Three final remarks:  First, complications of erythropoietin therapy are due to hyperviscosity, not toxicity of the molecule itself.  Second, erythropoietin therapy should be guided by monitoring blood viscosity.  Third, the patients who are the most resistant to erythropoietin therapy may be those with the lowest hematocrit-to-viscosity ratio and the ones at highest risk for complications of therapy.  Overcoming erythropoietin resistance with more erythropoietin, increases the potential for harm and should be done cautiously with close monitoring of blood viscosity. 


References:

1. Increased plasma viscosity as a reason for inappropriate erythropoietin formation.  Singh A, Eckard KU, Zimmermann A, et al.  Journal of Clinical Investigation 1993; 91:  251-256.

2.  Abnormal blood rheology in progressive renal failure: a factor in non-immune glomerular injury? Gordge M P; Faint R W; Rylance P B; Neild G H   Nephrology, Dialysis, Transplantation 1988; 3(3):257-62.

3. Effect of hemodialysis and recombinant human erythropoietin on determinants of blood viscosity. Shand B I; Buttimore A L; Lynn K L; Bailey R R; Robson R A. Renal Failure 1994;16(3):  407-13.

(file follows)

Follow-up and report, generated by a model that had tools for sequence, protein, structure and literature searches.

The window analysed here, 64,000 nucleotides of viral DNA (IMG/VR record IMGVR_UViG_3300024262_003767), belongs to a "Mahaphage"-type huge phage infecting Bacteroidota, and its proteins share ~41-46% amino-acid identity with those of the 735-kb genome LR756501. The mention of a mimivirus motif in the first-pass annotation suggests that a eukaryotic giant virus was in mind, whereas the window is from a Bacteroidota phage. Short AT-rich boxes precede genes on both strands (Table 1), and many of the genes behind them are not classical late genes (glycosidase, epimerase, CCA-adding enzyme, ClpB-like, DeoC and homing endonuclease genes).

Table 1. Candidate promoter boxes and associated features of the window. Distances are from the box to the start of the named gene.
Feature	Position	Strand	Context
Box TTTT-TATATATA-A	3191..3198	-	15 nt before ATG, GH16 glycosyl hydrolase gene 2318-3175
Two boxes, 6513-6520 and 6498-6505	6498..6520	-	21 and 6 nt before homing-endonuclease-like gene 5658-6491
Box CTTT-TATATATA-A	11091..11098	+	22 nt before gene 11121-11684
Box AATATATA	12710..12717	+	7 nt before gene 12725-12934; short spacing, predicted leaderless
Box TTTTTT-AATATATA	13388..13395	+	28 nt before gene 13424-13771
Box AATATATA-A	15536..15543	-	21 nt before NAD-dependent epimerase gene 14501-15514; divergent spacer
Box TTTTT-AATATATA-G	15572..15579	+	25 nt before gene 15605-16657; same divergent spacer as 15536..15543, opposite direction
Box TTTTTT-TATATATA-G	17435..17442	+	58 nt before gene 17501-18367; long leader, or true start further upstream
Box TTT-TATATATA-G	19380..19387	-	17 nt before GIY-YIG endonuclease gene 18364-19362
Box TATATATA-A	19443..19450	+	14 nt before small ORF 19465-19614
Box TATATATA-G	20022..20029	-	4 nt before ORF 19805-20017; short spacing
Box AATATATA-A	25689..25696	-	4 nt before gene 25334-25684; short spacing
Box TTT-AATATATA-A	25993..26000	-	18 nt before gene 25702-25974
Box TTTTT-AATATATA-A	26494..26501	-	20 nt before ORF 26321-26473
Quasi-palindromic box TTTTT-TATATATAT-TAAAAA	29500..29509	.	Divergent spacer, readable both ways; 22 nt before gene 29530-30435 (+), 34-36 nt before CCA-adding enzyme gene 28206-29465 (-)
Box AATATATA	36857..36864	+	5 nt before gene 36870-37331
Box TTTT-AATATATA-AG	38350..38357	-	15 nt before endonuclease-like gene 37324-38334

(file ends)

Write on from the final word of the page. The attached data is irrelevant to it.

4.  Anemia of chronic disease:  a harmful disorder or an adaptive, beneficial response?  Zarychanski R, Houston DS.  Canadian Medical Association Journal 2008; 179(4):  333-337.

5. Mortality and target haemoglobin concentrations in anaemic patients with chronic kidney disease treat with erythropoietin: a meta-analysis.  Phrommintikul A, Haas SJ, Elsik M, Krum H.  The Lancet 2007; 369 (9559):  381-388

6. Soluble Erythropoietin Receptor Contributes to Erythropoietin Resistance in End-Stage Renal Disease.  Khankin EV, MutterWP, Tamez H, Yuan H-T, Karumanchi SA, Thadhani R.  2010.  PLoS ONE 5(2): e9246. doi:10.1371/journal.pone.0009246